Is there a city anywhere in America where funders aren't thinking about how the arts can spark new vitality? We're sure there is, but every time we turn around, it seems that we're hearing about yet another metropolis with an ambitious plan for an arts renaissance—and the good things that might come as a result.
Earlier this month, we wrote about a major arts initiative underway in Boston, spotlighting the role of the Barr Foundation. More recently, big happenings involving the arts in Cincinnati caught our eye, and what's going on here is definitely worth a close look.
At the forefront is ArtsWave, the greater Cincinnati region's leading local arts agency and the nation's oldest and largest united arts fund. It is the biggest funder of operating support for the arts in Cincinnati and also plays a significant role in convening, capacity-building, and organizing within the arts sector in the region.
After a series of workshops at the Greater Cincinnati Foundation and months of conversations with board members, local community leaders, and area arts organizations, ArtsWave has announced its ten-year strategy, the "Blueprint for Collective Action for the Arts." Elements will be familiar to anyone who tracks what arts funders are into these days at the urban level.
The Blueprint consists of five main goals that include making Cincinnati a more appealing place for people to live, especially younger professionals; enlivening neighborhoods; strengthening arts education to ensure students have creative 21st century skills; and bridging cultural divides of race and ethnicity. The idea is that this is "an opportunity for the arts to demonstrate that they can 'move the needle'" in terms of boosting Cincinnati.
The President and CEO of ArtsWave, Alecia Kintner, explained to Inside Philanthropy that the Blueprint is evolutionary not revolutionary. It's an "evolution of our Arts Community Impact Agenda, developed around 2010 when we changed our mission, brand, and name from the Fine Arts Fund to ArtsWave and adopted an impact-based approach to grantmaking instead of the previous allocations model."
Kintner says that was a radical change for the organization and for Cincinnati, because it shifted the question from "What do the arts need?" to "What does the community need, and how can the arts have an impact?"
That is, indeed, pretty radical, but it's something we're seeing a lot of lately in various places. What's behind this trend? Kintner offers some striking insights with regard to her group's work in Cincinnati. She says,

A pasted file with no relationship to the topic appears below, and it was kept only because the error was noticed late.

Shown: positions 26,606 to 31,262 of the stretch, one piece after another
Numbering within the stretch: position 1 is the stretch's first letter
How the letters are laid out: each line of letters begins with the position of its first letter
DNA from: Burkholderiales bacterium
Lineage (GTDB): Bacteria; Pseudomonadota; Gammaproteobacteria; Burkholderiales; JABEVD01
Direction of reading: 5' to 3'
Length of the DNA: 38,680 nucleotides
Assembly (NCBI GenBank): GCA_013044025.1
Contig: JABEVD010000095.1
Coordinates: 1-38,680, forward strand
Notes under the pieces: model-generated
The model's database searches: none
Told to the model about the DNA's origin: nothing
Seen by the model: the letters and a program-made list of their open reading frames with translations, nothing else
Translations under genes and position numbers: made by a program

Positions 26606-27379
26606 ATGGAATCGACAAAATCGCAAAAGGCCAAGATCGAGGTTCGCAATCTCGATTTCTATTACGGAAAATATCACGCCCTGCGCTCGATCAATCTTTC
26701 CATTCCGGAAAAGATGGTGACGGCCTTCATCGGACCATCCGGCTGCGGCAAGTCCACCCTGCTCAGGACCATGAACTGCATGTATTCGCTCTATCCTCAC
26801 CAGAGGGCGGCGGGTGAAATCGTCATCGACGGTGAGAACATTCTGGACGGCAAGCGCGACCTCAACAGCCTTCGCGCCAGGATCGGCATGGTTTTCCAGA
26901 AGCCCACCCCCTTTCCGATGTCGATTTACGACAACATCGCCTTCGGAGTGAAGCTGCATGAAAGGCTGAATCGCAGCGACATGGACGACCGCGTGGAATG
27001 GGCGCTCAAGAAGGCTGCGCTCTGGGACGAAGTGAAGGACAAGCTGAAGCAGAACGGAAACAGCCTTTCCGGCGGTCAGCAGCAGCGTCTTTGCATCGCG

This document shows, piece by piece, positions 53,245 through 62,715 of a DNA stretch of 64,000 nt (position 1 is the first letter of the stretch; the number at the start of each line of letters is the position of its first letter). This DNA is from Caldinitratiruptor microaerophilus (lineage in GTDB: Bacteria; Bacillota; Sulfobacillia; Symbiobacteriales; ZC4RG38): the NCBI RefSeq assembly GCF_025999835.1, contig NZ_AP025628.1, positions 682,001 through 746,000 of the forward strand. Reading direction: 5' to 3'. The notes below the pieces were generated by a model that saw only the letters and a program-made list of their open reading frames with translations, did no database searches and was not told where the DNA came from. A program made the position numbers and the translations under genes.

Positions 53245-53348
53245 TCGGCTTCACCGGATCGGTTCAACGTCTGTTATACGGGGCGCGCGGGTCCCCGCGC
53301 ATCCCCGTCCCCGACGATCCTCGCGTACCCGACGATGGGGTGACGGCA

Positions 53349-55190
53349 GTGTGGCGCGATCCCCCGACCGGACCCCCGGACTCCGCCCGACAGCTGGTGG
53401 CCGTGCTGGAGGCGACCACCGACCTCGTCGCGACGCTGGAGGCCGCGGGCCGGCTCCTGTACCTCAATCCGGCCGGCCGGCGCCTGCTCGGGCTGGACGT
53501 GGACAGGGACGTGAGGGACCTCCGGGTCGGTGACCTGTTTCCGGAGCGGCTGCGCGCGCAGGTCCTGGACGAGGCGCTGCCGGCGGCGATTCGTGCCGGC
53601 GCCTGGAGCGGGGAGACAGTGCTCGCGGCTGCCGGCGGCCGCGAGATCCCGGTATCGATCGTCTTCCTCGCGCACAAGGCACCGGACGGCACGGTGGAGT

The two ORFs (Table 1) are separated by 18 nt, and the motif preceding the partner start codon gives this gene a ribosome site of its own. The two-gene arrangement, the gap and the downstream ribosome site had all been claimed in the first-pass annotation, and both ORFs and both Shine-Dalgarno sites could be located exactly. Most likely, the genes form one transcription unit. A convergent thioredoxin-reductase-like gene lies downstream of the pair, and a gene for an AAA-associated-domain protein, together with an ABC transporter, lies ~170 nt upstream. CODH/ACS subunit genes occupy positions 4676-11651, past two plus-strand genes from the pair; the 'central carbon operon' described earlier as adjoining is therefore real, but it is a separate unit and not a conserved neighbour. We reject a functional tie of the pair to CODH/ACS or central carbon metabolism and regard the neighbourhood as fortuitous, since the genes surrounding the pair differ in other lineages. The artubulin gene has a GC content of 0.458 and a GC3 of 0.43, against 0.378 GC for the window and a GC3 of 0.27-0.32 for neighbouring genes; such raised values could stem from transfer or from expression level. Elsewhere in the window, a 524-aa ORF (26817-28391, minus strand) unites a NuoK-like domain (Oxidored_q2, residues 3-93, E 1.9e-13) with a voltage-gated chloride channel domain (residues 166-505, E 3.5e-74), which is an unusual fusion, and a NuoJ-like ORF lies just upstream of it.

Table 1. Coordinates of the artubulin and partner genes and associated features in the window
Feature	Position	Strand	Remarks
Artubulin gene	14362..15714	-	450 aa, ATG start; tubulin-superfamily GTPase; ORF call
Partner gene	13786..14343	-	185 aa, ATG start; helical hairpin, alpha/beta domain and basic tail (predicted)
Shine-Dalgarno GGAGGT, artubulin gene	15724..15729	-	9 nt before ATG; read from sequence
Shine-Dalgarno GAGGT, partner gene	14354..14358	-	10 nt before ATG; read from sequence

This change was prompted by a changing philanthropic landscape, including the corporate push for metrics and quantifiable results in other sectors like education and health. We believed that if the arts were to compete for their share of the philanthropic pie, we needed to figure out how to talk about outcomes. It was also prompted by groundbreaking research that our organization commissioned, called the Ripple Report, which changed how we understood what the public values about the arts. It was less about appreciating personal experiences with the arts and instead about the ripple effect of benefits that the public associated the arts with—in particular, a more vibrant regional economy and more socially connected people. Everything changed for us with that insight.
The Blueprint's five main goals are focused on specific opportunities that ArtsWave believes can collectively make a difference in Cincinnati over the next decade. Kintner says they represent the intersection of where Cincinnati's arts organizations are already active and broader community priorities.
Our grantmaking criteria will evolve, in the sense that organizations are going to be asked to show how they are optimizing their individual potential to play certain roles in relation to each of these goals. Organizations that make intentional, measurable programming and operational decisions that help advance these goals will be rated the highest.
If this kind of talk alarms you, you're hardly alone. Not everyone is thrilled with the trend among arts funders toward a focus on larger, instrumentalist goals that feel removed from an intrinsic valuing of art and support for artists—or how the language of "metrics" is increasingly heard in an arts sector that was once a safe refuge from technocrats.
On the other hand, keep in mind that a big goal here is to ensure that arts funding remains robust, and Kintner spoke of ArtsWave's ambitions in this regard.
We hope to keep going on our trajectory of investing more than $10 million in the arts ecology each year. Over the next ten years, if we are successful in our fundraising, that will mean $100 million.
That's good money for a city like Cincinnati, and there are reasons to think that ArtsWave will hit its goals. Kintner points to the organization's recent hefty haul from a fundraising model it has used for decades.
Dating back to 1949, our organization has conducted the annual public fund drive for the arts in Greater Cincinnati, much like the United Way. In 2015, more than 42,000 donors contributed $12,250,000 to our campaign—a national record. A majority of our donations come through 275 workplace giving campaigns, which for us are all about connecting employees to the arts and to each other... We want to be active partners with businesses in embedding their employees in our region through engagement with the arts community.